Fast forward to 2013, when a representative for the bar sent a note to the respondent that read “I see you are the owner of SquareGrouper.com and I wanted to reach to you about purchasing this domain from you. I represent Square Grouper Tiki Bar in Jupiter, FL. We have had the .net domain for a few years now but would like to get the .com as well”.
When the respondent didn’t reply, Square Group Tiki Bar filed a UDRP, a clear abuse of the proceeding:
However, in the circumstances of this case that delay leads to the conclusion that Complainant did not regard Respondent’s registration as having been made in bad faith. This in turn leads the Panel to the conclusion that, knowing that the Domain Name was not registered in bad faith, Complainant nevertheless brought this proceeding in an attempt to deprive the registrant of the Domain Name and has thereby engaged in Reverse Domain Name Hijacking.
Humorously, the complainant argued that the respondent “apparently routinely traffics in domain names for the purpose of speculation and resale profiteering” because it owned 22 domain names.
The bar was represented by Carl Spagnuolo of McHale & Slavin, P.A..
Company registers over 40 domains, but can’t get its hands on some key ones.
Will your Amazon.com packages be delivered by drone in the future? That’s the vision of Jeff Bezos. And millions have already watched a video (embedded below) of how Amazon envisions it working.
Amazon is pretty thorough with defensive domain name registration, and Amazon Prime Air is no exception.
I count over forty domain name registrations the company made related to Amazon Prime Air yesterday and today. The list includes many country code domain names and variations on the service, including AmazonPrimeAir.ccTLD in many ccTLDs, as well as AmazonAir.ccTLD. It also registered PrimeDrones.com as well as domains in other languages, such as primeluften.com.
But the company wasn’t able to corral a number of the most important domain names, which are already in use by other companies.
For example, PrimeAir.com is registered to HEICO Aerospace. The opposite order AirPrime.com is owned by Sierra Wireless, Inc. And AmazonAir.com is owned by a charter flight company in Venezuela.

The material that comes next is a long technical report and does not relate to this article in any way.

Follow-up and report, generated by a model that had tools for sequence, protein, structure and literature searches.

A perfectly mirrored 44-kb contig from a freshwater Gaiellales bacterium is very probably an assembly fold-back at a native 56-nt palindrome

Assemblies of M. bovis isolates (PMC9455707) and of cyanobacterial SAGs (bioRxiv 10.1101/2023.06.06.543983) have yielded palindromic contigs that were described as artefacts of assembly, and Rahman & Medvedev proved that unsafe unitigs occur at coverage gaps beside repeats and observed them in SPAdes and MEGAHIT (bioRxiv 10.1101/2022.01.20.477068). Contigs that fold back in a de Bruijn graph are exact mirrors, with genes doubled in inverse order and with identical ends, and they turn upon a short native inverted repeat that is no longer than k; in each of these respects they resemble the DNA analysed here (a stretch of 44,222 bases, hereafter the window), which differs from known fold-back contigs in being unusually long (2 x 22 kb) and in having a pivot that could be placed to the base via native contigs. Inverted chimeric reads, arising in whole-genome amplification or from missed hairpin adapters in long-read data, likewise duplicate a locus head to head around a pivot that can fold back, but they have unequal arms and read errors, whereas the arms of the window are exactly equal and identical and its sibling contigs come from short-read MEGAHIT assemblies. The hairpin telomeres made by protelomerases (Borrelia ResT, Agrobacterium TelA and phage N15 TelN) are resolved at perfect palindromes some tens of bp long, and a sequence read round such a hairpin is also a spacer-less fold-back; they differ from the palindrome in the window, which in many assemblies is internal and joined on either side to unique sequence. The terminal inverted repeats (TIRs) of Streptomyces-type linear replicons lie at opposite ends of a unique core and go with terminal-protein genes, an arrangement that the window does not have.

It’s possible someone even beat the company to AmazonPrimeAir.com, which is registered with privacy at GoDaddy on November 19. Although Amazon usually registers domain names at brand protection registrar MarkMonitor, it’s possible that it stealthily registered this one at GoDaddy so no one would be tipped off about the company’s plans.
Grand Theft Auto publisher fails in case to get GTA.tv domain name.
Take-Two has a trademark for GTA, but it was unable to persuade a World Intellectual Property Organization panel that the owner was trying to take advantage of Take-Two’s mark.
iCity Corp, which owns GTA.tv, argued that the unused domain stood for “Greater Toronto Area”. iCity is based in Toronto, and previously created websites about the city at gta411.com and gtanews.com.
The panel determined that iCity has rights or legitimate interests in the domain name, and that it didn’t register and use the domain name in bad faith.
Take-Two pointed out that iCity has a number of other domain names that seem like they might infringe on trademarks. iCity debunked most of the domain names’ similarities to trademarks. Regardless, the panel determined this was in no way a clear-cut case of cybersquatting:
The rationale of the Policy is to remedy clear cases of abusive domain name registrations. In order to maintain a balance in the system, UDRP panels are required to analyze whether the domain name owner has any rights or legitimate interests to said domain name, given the specific and very narrow nature of the Policy, and the problem it deals with. In the presence of rights or legitimate interests on the side of the Respondent, the controversy exceeds the scope of, and remedies available under the Policy.
In this case, the Respondent has demonstrated to the satisfaction of the Panel that the term GTA is used as a term related to a geographical location referring to the Greater Toronto Area, and that the inhabitants of said area use this term commonly.
This is the second UDRP the company has lost in as many months, suggesting that perhaps the tactics people use to win its video games are spill over into its intellectual property department.